24 Apr Leading and Managing: The Key to Success
I’m often asked by business owners and their teams whether it is more effective to be a leader or a manager. Questions arise such as, “Which is better?” and “When will I switch from being a great manager to a superb leader?” There is, however, one strategic and healthy way to perform in your management/leadership role and I have the answer. Let’s start by defining each one and distinguishing the two.
What’s the difference?
Management essentially defines how you operate and make use of your resources, whereas leadership defines who you are. To excel in managing, you need tenacity, concrete thinking, control, and – to put it bluntly – the ability to produce results within the organization.
Management is a craft that must be constantly refined and done in a skillful manner. Leadership, however, is more personal and it starts with self-awareness. I love the following quote by Daniel Goleman, author of Emotional Intelligence:
“For leaders, the first task in management has nothing to do with leading others; step one poses the challenge of knowing and managing oneself.”
Leadership is about showing people who we really are. It’s about influencing and motivating them based on our communication and interactions with them.
When we lead, we are going through a process of self-reflection every day because the way in which we communicate is integral in getting others to follow us.
Emotional Intelligence, or the ability to understand and manage our emotions, is critical to our success as managers and leaders. Astute business owners understand that our emotions affect our daily interactions with others. It is our self-awareness of these emotions that can help us to manage them more effectively and become the leader we want to see ourselves as. This type of awareness, as noted in Emotional Intelligence, is essential because it helps us to become trusted and empathetic leaders.
Which one is better?
Although leading and management require very different skill sets in order to perform well in either category, the trick to excelling in your role is to get really good at both. The fact is that leading and management are complementary and you absolutely need to do both in order to succeed. There is an area in which leading and managing overlap and this middle ground is where many business owners need to be because they are still very involved in day-to-day activities. The challenge is to make sure you don’t forget the leadership components!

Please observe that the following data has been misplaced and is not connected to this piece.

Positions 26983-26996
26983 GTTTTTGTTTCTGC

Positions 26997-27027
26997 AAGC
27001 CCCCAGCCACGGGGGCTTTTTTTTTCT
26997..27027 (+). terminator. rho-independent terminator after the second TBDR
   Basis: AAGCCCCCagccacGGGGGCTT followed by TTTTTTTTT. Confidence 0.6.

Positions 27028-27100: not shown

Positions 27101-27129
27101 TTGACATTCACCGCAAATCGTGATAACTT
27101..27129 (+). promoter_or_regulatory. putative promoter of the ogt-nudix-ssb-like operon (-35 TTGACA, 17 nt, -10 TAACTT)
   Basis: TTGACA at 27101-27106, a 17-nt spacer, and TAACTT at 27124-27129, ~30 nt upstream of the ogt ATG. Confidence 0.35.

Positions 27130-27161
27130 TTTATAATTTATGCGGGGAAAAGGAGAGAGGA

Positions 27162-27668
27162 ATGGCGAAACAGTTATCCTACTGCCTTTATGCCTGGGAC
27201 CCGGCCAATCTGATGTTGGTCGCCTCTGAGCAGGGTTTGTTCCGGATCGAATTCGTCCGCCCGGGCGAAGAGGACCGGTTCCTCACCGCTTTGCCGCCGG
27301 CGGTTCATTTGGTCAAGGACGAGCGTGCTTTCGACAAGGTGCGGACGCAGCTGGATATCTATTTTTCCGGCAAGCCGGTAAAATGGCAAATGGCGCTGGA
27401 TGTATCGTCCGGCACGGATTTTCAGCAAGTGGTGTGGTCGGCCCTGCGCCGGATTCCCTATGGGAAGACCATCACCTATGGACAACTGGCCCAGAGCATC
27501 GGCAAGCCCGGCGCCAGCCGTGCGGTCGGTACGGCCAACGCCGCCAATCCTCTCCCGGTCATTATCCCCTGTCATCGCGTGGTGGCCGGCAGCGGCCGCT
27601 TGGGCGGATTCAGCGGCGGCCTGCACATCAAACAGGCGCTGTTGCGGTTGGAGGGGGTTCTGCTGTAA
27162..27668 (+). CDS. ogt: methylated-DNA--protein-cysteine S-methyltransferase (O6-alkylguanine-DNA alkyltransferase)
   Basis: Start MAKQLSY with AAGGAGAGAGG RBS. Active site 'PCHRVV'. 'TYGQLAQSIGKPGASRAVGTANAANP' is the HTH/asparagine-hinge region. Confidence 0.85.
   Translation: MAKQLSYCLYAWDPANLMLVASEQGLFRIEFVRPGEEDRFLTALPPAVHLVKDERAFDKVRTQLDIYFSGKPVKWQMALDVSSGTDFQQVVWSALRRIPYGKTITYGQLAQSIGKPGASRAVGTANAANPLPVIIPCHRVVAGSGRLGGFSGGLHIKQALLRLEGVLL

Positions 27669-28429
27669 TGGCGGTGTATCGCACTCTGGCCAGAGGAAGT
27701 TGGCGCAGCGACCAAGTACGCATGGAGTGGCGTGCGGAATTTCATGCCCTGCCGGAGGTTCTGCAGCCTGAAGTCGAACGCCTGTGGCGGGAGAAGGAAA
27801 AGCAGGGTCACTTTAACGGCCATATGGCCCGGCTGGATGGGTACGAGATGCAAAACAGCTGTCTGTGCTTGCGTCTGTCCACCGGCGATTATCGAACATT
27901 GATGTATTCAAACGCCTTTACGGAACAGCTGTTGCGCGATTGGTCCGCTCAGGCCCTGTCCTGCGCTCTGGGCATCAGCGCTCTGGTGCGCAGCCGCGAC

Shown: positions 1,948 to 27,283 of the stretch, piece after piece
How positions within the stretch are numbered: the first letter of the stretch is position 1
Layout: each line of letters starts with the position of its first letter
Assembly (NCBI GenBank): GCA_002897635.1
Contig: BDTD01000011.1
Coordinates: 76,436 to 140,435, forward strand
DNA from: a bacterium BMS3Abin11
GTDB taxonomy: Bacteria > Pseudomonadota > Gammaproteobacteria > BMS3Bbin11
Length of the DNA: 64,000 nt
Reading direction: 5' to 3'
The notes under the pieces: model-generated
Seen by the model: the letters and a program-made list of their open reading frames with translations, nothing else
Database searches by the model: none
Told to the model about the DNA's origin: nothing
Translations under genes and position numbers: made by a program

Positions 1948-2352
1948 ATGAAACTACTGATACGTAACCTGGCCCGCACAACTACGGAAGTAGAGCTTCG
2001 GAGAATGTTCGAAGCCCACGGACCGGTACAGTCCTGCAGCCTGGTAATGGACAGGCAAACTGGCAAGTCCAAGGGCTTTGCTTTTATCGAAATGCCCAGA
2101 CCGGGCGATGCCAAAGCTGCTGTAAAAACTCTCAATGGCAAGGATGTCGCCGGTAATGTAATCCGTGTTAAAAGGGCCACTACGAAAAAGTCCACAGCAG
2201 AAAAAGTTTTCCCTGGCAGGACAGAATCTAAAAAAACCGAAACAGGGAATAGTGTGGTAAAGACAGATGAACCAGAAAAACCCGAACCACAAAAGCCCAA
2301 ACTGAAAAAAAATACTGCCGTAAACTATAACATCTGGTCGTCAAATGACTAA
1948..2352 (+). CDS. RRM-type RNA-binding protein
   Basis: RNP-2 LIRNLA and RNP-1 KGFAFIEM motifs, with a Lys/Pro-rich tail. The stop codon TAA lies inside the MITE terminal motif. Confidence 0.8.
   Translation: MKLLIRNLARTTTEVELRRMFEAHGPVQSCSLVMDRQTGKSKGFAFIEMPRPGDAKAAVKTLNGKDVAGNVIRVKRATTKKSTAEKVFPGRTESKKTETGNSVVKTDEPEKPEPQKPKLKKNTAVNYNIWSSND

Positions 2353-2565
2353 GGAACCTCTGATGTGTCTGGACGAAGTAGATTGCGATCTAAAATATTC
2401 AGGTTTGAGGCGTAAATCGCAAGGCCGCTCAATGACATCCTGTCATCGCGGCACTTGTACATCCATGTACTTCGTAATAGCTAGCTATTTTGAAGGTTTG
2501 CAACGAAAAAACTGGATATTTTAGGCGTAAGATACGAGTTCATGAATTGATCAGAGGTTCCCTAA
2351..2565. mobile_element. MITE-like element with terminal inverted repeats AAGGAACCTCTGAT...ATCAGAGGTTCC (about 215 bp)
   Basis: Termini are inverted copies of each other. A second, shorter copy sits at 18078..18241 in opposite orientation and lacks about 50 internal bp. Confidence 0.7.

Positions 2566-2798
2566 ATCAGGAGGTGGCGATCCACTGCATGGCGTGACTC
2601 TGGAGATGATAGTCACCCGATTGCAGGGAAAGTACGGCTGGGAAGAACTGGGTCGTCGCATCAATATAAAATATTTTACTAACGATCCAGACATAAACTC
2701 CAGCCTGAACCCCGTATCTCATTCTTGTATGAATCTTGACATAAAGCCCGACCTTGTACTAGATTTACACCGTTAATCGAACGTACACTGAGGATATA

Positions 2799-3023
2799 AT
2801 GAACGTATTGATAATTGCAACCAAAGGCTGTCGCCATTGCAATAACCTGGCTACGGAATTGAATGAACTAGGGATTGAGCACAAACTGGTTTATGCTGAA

The interesting part is this: you can manage your team without having good leadership skills, but you cannot lead your team without having good management skills. I will be curious to see how many agree with this statement.
I once heard someone put it like this: managers get their teams to do what needs to be done, but leaders get their teams to want to do what needs to be done. Such a subtle difference there… But, as I mentioned, you cannot succeed as a leader without also acting as a strong manager.
You need to be developed enough in your management role in order to move into a leadership/management role and excel in it. Connecting with others is what helps us become a leader and when we combine this with strong management skills, we become invincible.
What is the one non-negotiable?
There is one non-negotiable characteristic important to both and that is trust and trust starts with self-trust. Trust can be understood and evaluated. It starts with the ability to become honest, reliable, and able to express emotion. But, none of this is effective unless we are focused in the right direction and the key is to focus on the power of WE.
As Goleman advises, there are a few actions we can take that can immediately boost our self-awareness and the ability to position ourselves as a trusted leader.
First, learn to become aware of your body language and the body language of others. This is an essential tool for our success because we gain so much information based on this and it helps us to respond appropriately to many situations.
Next, practice mindfulness. When faced with difficult situations, it is easy to become reactive. Mindfulness can guide us in addressing our internal emotions before we act.
And lastly, stay connected to the emotions of others and practice empathy. Self-awareness begins with us but easily translates to understanding others. This is vital to achieving a favorable outcome because when we understand how our actions impact others, we communicate that we care and are willing to adapt to the situation for the benefit of all.
When we find ourselves beautifully balancing between leading and managing, we are unstoppable and we are creating a workforce that is invincible. The truth is we can do things right and do the right things at the same time. We can direct our team and empower them. We can maintain control and inspire. We can manage and lead. Are you doing both?